To give some scope to what I’m up to there, most recently I:
We are fellow researchers at the Institute of Network Cultures (INC) where you recently posted a piece titled Dehumanizing the User Experience that presents an analysis of your personal collection of ‘Big Tech Corporate Art.’ Could you explain the project of dehumanising the user experience—is it necessary? What was the aim of this analysis? It seems as though the illustrations you dissect pass us by on a daily basis, completely unconsciously and without provoking any criticality. Is there a problem with that?
“My latest find, from the YouTube account settings page. Three characters: One holding a microphone, another holding a ruler, and the last operating a camera. There’s also a coin and a bar graph. These seem to be content creators…” – Paul Bille
The title of an image collection on my Are.na channel was Dehumanizing the User Experience, which was riffing off the way Dribble described the illustrations I copied to my channel in their newsletter (“Find designers specialized in facilitating and improving the quality of complex Interfaces by humanizing the User Experience!”).
I noticed that someone on Are.na added it to their personal ‘inspiration’ channel and felt the need to clarify why I was collecting them as dehumanizing. So, I wrote that post and explained my Dehumanizing the User Experience channel. There is no problem with the illustrations themselves. The issue is in their omnipresence. When everything looks the same it has a numbing effect. Forcing myself to look at them closely, as I did in this post, was a very absurd, but fun exercise.
“…here we see someone scurrying through the scaffolding of an unfinished page. Tiny helpers that are doing all the work while we are asleep.”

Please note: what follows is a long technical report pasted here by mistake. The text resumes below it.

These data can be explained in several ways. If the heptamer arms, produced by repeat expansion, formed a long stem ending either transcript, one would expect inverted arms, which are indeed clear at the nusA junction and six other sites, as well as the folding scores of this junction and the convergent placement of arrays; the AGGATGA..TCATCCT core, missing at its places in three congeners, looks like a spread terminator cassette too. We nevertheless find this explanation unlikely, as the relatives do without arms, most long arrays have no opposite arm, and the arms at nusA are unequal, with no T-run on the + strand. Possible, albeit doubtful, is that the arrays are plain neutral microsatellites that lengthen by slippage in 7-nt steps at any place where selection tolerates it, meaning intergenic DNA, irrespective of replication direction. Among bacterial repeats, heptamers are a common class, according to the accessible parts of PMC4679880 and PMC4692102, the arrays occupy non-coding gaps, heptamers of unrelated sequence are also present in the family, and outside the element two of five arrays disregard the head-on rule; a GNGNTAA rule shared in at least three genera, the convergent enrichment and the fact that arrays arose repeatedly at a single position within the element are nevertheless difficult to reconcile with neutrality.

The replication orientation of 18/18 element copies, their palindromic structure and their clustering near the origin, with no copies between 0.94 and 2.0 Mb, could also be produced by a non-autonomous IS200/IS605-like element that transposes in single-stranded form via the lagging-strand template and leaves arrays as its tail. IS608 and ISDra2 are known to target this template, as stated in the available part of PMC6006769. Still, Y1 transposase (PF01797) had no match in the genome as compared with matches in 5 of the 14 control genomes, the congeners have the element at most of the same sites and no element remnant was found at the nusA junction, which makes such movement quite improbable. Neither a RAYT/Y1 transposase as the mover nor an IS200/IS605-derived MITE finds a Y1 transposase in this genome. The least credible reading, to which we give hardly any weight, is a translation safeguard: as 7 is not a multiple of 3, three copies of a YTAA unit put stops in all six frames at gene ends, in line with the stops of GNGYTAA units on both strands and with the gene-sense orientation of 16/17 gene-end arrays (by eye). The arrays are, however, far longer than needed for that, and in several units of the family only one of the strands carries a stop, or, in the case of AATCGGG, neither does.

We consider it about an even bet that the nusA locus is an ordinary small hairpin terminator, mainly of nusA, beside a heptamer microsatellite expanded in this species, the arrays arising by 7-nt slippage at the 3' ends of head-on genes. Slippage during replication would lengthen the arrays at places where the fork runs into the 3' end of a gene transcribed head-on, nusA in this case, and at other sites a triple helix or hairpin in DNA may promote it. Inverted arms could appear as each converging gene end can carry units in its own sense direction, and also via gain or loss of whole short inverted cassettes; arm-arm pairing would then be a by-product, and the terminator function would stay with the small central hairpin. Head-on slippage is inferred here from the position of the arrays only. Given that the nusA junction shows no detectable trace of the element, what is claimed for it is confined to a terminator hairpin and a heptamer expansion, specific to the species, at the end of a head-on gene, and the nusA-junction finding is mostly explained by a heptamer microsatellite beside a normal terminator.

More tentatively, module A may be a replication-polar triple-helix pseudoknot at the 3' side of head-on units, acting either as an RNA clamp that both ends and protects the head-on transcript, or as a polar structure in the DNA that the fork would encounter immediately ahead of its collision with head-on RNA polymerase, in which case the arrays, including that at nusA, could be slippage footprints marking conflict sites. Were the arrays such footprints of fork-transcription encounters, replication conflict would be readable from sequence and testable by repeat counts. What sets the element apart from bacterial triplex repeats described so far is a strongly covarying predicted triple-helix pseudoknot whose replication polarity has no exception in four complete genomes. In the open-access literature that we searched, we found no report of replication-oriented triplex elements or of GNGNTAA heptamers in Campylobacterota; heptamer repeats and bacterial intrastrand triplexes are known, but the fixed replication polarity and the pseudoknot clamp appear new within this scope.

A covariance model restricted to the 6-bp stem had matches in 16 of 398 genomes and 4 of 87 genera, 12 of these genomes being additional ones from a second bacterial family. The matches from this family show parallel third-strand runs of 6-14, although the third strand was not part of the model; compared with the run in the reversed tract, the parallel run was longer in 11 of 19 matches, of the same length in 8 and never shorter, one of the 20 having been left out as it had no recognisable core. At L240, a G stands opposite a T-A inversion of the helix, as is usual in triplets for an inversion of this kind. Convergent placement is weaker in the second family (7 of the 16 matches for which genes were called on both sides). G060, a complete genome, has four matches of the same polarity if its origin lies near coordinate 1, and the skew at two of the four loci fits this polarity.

“The modern(ist) graphic designer is rational. He is intelligent and eloquent. His mind is sharp. He knows how to use his words wisely. He’s a thinker and he knows his craft. He conducts his research thoroughly. Unlike myself, I have ADD and dyslexia and I often struggle to put my thoughts into a comprehensible structure. But by using any of these tools, I can become a smarter, more organized, clutter-free, more mindful, more efficient, healthier, simply a better person (designer). All I have to do is climb the paywall.”
In the piece Welcome to the Club you look at tools like Are.na and services like LOT2046—both of which many designers I know are big fans of. It’s a critique of designs which promote exclusivity, intrinsic in their very visual manifestation. To quote you further:
“I have discovered lots of amazing things because of Are.na. But I would lie if I said that I’m only on Are.na because it’s practical. I’m also on Are.na because it’s cool. Having the Are.na link on my website implies that I belong to a certain group and that people can expect certain things from me. So far, so normal.
… And I get it. I also think it’s hot. My website is set in black with lots of white space as well. In the case of Urbit and LOT, I don’t expect anything else. But with Are.na, I find that the design clashes with the values that Are.na seems to represent. Exclusivity and an inclusive community don’t go well together.
I guess the take-away of this ramble is that none of this is new. Brands exploiting our anxieties is nothing new. Branding yourself like Apple is nothing new. Gatekeeping is nothing new. LOT has a code of conduct. Rule number one is “wear the uniform.”
In that piece of writing you provide a very rich critique. which is certainly missing in the general discourse. I fear many designers totally overlook these aspects of the various tools they venerate or use on a daily basis. It awakened me to the fact these tools and services are promoting, operating, and perpetuating a silently (pro)ableist ‘community’ and approach to design.
That earlier quote from you, which discloses your ADD and dyslexia, not only elucidates the ableist-ness associated with what is thought of a ‘good designer,’ it connects the archetype of the ‘good designer’ with a sort of elitism (“All I have to do is climb the paywall.”) Are there others who are shedding light on this problematic, or do you feel that this is generally an aspect which is unspoken about?